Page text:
Road to the GDPR: the registration process

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21, March 2018

This blog is part of our GDPR health check “Road to the GDPR.” In part one of the test, we cover the registration process. If you have not completed the test yet, you should do so first and then come back to read the background information in this blog.

 

As the name implies, the registration process is a process that every subscriber goes through on your website. During the registration process for e.g. a newsletter or an event, your subscribers enter their email address, name and/or other personal information. In light of the GDPR, it is important to first explain what personal information is, what it means to “process personal information” and what your role as an email marketer is under the GDPR (in the context of the registration process). Next, we will explain when you may collect personal information from people to send them commercial content and what the rules are for existing clients. Finally, we will give you advice on how to set up the registration process on your website.

What is personal information under the GDPR?

Personal information is all information about an identified or identifiable natural person. Think of e.g. a name or a picture, but also an email address, IP address or cookie ID. Pseudonymised information, e.g. a hashed IP address, is also considered personal information, because it is still possible to identify the person in question (even though you may have to e.g. combine multiple databases from various parties to do so). Besides regular personal information, there is also special personal information. This information concerns someone’s religion or beliefs, race, political orientation, health, sexual activity, membership of a professional organisation or criminal or objectionable activities. Processing this latter category of information is subject to additional regulations.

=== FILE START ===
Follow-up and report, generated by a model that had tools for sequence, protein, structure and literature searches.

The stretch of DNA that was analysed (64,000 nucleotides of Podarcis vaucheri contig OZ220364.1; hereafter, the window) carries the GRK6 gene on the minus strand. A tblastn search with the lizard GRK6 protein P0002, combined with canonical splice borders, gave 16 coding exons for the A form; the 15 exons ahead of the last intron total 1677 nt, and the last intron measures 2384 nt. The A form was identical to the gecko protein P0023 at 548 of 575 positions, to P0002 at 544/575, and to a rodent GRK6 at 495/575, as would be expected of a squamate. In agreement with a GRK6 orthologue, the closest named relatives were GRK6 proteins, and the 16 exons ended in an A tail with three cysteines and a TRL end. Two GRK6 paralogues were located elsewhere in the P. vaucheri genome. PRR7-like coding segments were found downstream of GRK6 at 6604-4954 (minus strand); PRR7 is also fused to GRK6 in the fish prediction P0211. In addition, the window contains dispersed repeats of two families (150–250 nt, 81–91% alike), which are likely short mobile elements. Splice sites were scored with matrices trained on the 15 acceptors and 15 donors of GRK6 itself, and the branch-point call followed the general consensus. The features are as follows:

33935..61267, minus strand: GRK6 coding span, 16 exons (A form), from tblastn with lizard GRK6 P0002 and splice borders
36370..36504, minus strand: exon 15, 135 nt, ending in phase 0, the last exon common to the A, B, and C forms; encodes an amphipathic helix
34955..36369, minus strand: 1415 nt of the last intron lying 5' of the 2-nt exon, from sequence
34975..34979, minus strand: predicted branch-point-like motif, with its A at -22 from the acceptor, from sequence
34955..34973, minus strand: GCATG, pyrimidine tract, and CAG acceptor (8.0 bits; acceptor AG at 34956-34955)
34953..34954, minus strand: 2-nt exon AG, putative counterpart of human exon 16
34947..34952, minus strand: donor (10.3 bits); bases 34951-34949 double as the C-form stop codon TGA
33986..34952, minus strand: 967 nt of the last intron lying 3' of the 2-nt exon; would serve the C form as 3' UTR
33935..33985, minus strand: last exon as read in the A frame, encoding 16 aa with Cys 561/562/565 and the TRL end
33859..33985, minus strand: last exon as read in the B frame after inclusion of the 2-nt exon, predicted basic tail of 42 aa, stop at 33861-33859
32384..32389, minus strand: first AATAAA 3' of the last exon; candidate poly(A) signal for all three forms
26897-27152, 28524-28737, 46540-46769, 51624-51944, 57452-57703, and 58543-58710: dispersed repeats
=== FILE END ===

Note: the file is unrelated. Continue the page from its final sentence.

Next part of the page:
What is processing under the GDPR?

“Processing” is a broad term. It refers to any action pertaining to personal information, e.g. storing it, passing it on to another party or possibly having access to this information. In the context of (direct) email marketing, you are processing personal information as soon as you do anything at all with the data.

What is your role as a marketer under the GDPR?

The privacy legislation differentiates between different roles. Depending on your role, the GDPR imposes different requirements that you have to meet. Roles include the responsible party (the party that decides to process personal information for a given purpose and which defines this purpose and the means that will be used), the party involved (the natural person whose personal information is being processed) and the processor (the party tasked by the responsible party with “supporting” or executing the processing of personal information).

When you, as a marketer, decide to use Webpower (or a different ESP) to email your customers for a purpose you defined (e.g. your weekly newsletter), this makes you the responsible party, while Webpower is the processor (whom you will task with processing the personal information) and the person whose email address you give to Webpower to send emails to is the person involved. It is legally required to draw up written agreements between the responsible party and the processor, e.g. pertaining to what the processor can do with the information, how the processor will secure the data and how both parties will deal with possible data leaks and the rights of the persons involved. These points must be recorded in a so-called processor agreement.

When can you collect personal information from persons involved?

You will need a legitimate reason to do so. There are various reasons for you to process personal information, such as needing this information to execute an agreement, a legal obligation, permission and legitimate interest. Permission is a particularly important reason for (direct) marketing under the GDPR: